Your third choice is to get a metal cut-off blade. These are non-toothed wheels, which are generally a lot cheaper and usually a lot more common to find in your local store. The tradeoff is that these generally don't last as long and don't provide a very smooth/accurate cut. Here is an example:

http://power-tools.h...lade-metal.aspx


But, like others have said, to get the prettiest cut on a piece of aluminum (on set), get a non-ferrous, high tooth count blade. But really, in practical terms, when rigging something on a film set, the smoothness of the end of your speedrail is the least of your concerns.

Also keep in mind that just because something says "for ferrous metals" or something on it, doesn't mean it can cut ANYthing. I have several ferrous metal blades that fit my 6.5" cordless circ saw, but that doesn't mean I can cut a 10x10 block of iron. The material and construction of the blade is just one part of the equation; to cut a big slab or block of very hard metal requires a larger circumference, higher RPMs on your saw, and higher torque.... and sometimes water to cool the parts.

Edited by Daniel Wallens, 11 September 2008 - 06:47 PM.

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#7 John Sprung

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Posted 11 September 2008 - 07:24 PM

Your third choice is to get a metal cut-off blade. These are non-toothed wheels, which are generally a lot cheaper and usually a lot more common to find in your local store. The tradeoff is that these generally don't last as long and don't provide a very smooth/accurate cut. Here is an example:

http://power-tools.h...lade-metal.aspx

These are basically the same as the angle grinders use. It's interesting that they actually label the first one for aluminum. Abrasives tend to work best on ferrous metals. Softer stuff, especially aluminum, has a tendency to stick in between the abrasive particles and load up the wheel. A lot of them will be labeled for ferrous only, which is what you don't want for most speed rail.

Your woodworking circular saw will work if you have to use it, but the angle grinder's advantage is much higher RPM's. With the slower saw, you have to be careful not to push too hard and try to cut too fast.

Cutting lubricants are great for metal cutting metal. Don't use them with an abrasive unless the label specifically says it's OK.

Oh, and safety glasses for all this stuff. Nasty sparks and fragments....



-- J.S.
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#8 Hal Smith

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Posted 11 September 2008 - 07:44 PM

I've got a manual wheel and roller cutter for copper in that range, which gets you a very nice square cut. The wall thickness of speedrail would be way too big for that, though. Saws are OK for aluminum, but I prefer the angle grinder for steel pipe. Cost per cut is lower, and it's easier to control than a floppy sawzall blade. If you do have to saw, help it a little with some cutting lubricant.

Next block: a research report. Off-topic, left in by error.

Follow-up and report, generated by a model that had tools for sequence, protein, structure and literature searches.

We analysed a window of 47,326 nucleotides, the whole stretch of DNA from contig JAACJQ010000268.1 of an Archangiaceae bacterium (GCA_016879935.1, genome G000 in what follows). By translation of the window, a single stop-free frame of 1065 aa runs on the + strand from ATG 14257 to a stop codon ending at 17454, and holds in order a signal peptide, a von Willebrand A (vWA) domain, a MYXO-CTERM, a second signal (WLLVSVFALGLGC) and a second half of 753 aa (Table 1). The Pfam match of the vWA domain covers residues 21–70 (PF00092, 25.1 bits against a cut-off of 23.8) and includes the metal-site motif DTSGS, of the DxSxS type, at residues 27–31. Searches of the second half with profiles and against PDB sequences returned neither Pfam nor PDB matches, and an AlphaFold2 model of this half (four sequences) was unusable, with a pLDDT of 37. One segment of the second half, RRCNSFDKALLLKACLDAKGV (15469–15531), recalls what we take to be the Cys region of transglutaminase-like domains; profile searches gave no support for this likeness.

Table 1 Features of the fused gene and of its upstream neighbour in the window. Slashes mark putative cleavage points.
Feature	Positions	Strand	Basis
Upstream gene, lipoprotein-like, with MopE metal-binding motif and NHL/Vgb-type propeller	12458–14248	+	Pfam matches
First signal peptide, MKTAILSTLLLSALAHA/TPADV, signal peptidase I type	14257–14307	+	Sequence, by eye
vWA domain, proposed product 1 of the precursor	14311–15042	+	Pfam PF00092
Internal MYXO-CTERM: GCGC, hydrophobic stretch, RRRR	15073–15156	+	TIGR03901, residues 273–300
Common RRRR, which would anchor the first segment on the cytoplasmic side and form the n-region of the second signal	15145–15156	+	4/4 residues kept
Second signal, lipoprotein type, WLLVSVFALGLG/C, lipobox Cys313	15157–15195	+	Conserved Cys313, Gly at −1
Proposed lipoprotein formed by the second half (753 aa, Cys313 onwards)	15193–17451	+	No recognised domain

Problem with pipe cutters is no matter how carefully and slowly you cut copper the end is slightly swedged. Water could care less but not where I'm using copper; radio transmitter feedlines where the inner sections are connected with silver plated bullets plugged into the center of the line. Outside of that a horizontal bandsaw is just so much quicker for the same quality cut.

I've seen people use a miter box and a long sawzall blade to cut soft tubing, not a bad approach.
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#9 robert duke

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Posted 11 September 2008 - 10:41 PM

On set I tend to use a circlular saw or a pipe cutter (if I have to be quiet about it). I buy the highest number teeth for the cheapest price. Every time I buy an expensive blade I it ends up breaking. $$$$ I dont even bother looking for a blade that cuts aluminum. the most teeth and the cheapest $. you ruin the blade but it cuts quick and smooth.

For tricking out my speed rail set I use a horizontal band saw, just like Hal. you get a beautiful cut that only needs a little smoothing, but I do that at the shop.
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#10 Darryl Richard Humber

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Posted 12 September 2008 - 12:16 AM

On set I tend to use a circlular saw or a pipe cutter (if I have to be quiet about it). I buy the highest number teeth for the cheapest price. Every time I buy an expensive blade I it ends up breaking. $$$$ I dont even bother looking for a blade that cuts aluminum. the most teeth and the cheapest $. you ruin the blade but it cuts quick and smooth.

For tricking out my speed rail set I use a horizontal band saw, just like Hal. you get a beautiful cut that only needs a little smoothing, but I do that at the shop.



Don't forget to file the outside edge down and use a reaming tool on the inside.
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#11 JD Hartman

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Posted 12 September 2008 - 09:07 AM

To clean up the edges after the cut, you could use a deburring tool like these: http://www.shaviv.com/ or clean up the burrs and rough edges with a strip of emery cloth wrapped around a dowel or rod.